What does toothpaste do when I’m brushing? Why is it better than not using toothpaste?



What does toothpaste do when I’m brushing? Why is it better than not using toothpaste?

In: Chemistry

You wouldn’t wash your hands without soup and say you washed your hands, would ya?

Brushing alone gets debris off. With toothpaste, it gets the bacteria off. It binds to (and sometimes kills) the bacteria, so you spit it out. Fluoride strengthens enamel, too, by giving it protection against the acidity of bacteria, which erodes teeth and forms cavities.

The bacteria in your mouth form a thin, sticky film (“plaque”) that covers all of your mouth if you haven’t brushed recently. Over time, that film becomes stickier, so any you miss becomes harder and harder to remove. Eventually it picks up minerals from your saliva and hardens into a rock-like material (“calculus” or “tartar”), which is what your dentist scrapes off when you go in for a cleaning.

Brushes are soft, and can only remove things that aren’t sticking to your teeth very well. That means little bits of food debris and the very early stages of this film. Toothpaste contains abrasives that can scrape off some of the stickier medium stages of plaque as well, which reduces the amount that eventually hardens into tartar (which is too firmly stuck to be removed by brushing). Most toothpastes also contain small amounts of fluoride, which gets built into the crystal structure of the surface of your teeth in a way that makes them decay more slowly.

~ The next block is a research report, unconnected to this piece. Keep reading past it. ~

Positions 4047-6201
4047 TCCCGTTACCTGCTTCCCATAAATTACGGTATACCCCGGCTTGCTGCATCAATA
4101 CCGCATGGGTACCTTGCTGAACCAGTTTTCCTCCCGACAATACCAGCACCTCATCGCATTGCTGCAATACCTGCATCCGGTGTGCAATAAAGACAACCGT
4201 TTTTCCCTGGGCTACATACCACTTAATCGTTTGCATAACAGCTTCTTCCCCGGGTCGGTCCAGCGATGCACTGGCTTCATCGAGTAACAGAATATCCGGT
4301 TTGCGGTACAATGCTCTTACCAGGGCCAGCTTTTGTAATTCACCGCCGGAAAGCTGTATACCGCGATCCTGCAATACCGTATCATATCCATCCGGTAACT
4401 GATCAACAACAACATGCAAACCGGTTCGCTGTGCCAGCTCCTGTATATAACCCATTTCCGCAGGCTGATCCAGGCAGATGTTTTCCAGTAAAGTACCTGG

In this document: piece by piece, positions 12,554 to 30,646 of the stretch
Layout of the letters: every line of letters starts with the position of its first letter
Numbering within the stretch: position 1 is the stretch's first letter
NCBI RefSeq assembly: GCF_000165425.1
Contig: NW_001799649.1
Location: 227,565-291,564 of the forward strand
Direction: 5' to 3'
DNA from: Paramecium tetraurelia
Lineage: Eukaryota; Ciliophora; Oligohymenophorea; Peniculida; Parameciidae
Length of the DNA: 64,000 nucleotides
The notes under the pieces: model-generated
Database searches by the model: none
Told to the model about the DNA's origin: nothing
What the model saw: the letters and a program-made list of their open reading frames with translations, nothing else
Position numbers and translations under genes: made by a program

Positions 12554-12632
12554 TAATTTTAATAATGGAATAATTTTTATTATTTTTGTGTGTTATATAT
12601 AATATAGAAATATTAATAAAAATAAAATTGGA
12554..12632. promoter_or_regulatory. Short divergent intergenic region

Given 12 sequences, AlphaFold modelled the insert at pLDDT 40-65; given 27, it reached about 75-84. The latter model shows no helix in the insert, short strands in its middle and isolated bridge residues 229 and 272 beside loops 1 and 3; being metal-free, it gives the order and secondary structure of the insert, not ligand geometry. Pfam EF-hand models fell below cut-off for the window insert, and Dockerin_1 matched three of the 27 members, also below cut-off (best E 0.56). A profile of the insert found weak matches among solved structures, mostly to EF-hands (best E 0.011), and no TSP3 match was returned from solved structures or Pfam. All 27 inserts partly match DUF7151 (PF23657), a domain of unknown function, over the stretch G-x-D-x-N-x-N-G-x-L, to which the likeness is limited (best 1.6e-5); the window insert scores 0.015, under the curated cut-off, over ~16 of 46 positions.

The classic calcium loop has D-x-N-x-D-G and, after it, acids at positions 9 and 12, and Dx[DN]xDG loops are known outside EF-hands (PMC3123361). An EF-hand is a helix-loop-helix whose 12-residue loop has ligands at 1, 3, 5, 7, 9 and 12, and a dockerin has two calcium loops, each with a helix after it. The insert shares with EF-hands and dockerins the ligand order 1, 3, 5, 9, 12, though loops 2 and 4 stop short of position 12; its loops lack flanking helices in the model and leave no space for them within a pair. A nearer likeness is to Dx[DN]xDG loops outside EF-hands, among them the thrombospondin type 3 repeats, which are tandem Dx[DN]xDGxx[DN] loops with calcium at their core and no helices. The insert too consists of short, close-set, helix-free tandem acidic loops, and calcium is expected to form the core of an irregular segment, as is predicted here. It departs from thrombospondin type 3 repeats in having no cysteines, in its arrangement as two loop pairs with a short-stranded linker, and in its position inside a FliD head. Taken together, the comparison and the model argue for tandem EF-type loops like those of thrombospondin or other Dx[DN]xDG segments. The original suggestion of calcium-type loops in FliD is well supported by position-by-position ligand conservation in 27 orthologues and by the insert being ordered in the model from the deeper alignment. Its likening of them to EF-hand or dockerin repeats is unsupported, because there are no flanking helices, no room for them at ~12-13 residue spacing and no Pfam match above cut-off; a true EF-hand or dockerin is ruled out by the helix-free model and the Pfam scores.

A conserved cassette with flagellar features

It’s like soap with some added benefits for your mouth.

It has things that reduce surface tension and make bacteria less able to cling to your teeth, just like how soap works.

It has fluoride that helps keep your enamel tough. It can’t fix holes or cavities, but can help prevent them from worsening.

It has abrasives, things that give it that slightly scratchy texture. This aids your toothbrush in scraping plaques and stuff off your teeth. Some toothpaste contains more/coarser abrasives than others. You want a balance in this, because too abrasive can damage your teeth.

It can also contain extra things for specialized toothpastes.

Some might have antibiotics or such to be more effective at killing bacteria.

Some contain potassium nitrate. This is found in toothpastes that reduce sensitivity.

Together, these things greatly increase the effectiveness of brushing.